Numerous flaws doomed Cargolifter, added Costin. Like the Hindenburg, guy wires had to steady the ship while cargo was offloaded; though it never landed, the aircraft needed considerable facilities on the ground to deliver goods. "Operationally, Cargolifter went totally against what we in the hybrid airship business are trying to do – that is, alleviate the need for airship infrastructure wherever the cargo is to be offloaded," he said.
While sanguine about airship's ultimate prospects, University of Manitoba's Prentice cautioned that a fair amount of growing lies ahead of the industry. But that growth could rearrange international trade. "Canada is not buying tomatoes from Cuba now, but with an airship, they could fly right over the U.S. directly into Canada," he added.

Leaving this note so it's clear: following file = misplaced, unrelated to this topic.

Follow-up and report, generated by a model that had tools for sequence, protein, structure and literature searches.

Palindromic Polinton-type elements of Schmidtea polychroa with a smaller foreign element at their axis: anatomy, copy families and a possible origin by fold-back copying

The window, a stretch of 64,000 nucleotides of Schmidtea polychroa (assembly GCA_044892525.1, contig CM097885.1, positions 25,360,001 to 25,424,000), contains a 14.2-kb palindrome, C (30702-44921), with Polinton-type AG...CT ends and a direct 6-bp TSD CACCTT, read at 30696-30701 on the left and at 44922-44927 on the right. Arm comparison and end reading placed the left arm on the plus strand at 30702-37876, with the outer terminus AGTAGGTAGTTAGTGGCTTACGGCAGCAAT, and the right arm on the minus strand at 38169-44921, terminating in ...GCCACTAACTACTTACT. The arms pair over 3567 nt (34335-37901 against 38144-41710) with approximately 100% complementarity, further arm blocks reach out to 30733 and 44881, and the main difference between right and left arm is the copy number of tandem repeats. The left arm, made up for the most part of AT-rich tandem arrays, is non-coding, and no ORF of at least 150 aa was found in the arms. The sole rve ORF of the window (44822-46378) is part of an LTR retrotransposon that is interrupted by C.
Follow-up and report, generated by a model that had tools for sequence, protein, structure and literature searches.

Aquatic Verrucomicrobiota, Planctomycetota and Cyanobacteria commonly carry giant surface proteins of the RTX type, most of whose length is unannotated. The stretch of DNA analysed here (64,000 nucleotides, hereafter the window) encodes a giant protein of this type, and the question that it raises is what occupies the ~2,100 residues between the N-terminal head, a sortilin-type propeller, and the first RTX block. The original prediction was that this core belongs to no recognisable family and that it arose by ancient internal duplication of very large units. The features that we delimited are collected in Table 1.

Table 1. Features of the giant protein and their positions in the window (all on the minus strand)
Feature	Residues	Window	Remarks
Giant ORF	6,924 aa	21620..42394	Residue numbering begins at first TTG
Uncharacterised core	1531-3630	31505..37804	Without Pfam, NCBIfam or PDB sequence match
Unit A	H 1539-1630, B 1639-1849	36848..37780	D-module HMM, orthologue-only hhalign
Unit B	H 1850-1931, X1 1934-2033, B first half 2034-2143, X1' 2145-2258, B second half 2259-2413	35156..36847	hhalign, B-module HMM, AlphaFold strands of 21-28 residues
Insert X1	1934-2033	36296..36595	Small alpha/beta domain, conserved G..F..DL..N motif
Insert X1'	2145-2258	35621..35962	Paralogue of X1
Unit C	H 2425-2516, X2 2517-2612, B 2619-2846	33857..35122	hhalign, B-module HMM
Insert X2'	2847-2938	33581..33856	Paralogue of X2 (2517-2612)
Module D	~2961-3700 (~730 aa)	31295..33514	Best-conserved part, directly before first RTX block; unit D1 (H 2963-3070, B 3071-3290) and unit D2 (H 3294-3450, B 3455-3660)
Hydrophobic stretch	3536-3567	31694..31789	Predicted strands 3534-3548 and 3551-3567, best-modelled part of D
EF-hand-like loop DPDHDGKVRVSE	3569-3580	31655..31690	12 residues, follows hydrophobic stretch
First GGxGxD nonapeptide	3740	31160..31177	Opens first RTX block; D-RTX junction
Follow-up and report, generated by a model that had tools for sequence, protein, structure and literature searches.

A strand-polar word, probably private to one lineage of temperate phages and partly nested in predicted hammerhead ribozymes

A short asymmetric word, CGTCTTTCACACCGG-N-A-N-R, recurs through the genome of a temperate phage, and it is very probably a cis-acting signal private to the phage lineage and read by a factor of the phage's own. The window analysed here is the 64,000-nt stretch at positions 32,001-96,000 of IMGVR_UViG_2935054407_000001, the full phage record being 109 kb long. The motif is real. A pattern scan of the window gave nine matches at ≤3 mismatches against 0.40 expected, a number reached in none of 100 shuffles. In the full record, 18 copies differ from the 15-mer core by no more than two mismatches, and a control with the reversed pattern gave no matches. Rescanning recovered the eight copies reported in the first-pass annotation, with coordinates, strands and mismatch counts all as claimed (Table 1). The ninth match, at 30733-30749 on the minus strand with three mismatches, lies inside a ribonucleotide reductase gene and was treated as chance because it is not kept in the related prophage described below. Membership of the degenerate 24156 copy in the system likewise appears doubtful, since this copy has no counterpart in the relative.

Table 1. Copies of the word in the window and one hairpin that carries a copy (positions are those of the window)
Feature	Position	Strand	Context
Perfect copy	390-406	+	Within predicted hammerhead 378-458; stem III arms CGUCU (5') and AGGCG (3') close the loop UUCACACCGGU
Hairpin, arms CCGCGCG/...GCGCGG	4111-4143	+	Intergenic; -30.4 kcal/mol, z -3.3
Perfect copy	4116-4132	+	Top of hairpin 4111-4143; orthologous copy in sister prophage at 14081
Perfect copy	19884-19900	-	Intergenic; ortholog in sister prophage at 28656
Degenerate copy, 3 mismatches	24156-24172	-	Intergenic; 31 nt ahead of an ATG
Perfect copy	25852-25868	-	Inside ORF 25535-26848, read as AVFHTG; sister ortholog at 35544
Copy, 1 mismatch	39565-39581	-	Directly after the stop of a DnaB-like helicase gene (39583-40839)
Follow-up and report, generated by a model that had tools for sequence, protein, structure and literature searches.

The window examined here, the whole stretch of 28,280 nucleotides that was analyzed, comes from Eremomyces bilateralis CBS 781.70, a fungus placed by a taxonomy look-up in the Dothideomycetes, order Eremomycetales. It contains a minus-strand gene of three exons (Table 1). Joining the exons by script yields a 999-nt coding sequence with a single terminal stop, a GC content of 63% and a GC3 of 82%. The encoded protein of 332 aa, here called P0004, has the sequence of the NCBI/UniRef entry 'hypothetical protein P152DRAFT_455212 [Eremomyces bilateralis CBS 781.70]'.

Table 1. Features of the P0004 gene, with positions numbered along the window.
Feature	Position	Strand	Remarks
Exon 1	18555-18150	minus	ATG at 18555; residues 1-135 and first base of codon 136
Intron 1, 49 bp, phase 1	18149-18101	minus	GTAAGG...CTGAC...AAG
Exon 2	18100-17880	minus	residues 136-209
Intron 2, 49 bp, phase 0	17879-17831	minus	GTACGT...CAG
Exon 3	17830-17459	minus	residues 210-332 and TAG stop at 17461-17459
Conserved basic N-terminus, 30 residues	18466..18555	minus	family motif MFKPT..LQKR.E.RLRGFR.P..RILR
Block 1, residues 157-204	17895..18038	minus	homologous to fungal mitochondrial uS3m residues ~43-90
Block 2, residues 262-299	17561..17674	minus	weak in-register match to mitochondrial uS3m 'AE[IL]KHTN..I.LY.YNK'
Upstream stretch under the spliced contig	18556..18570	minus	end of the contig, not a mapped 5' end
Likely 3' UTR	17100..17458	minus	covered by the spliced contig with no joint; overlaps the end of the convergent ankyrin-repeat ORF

"We may always carry freight in the bellies of passenger jets," Prentice said. "But in a fully mature hybrid market, airships should replace the rest of the fixed-wing cargo fleet."
Bruce Dorminey is a science journalist and author of "Distant Wanderers: The Search for Planets beyond the Solar System." DailyClimate.org is a nonprofit news service that covers climate change.
This article originally appeared at The Daily Climate, the climate change news source published by Environmental Health Sciences, a nonprofit media company.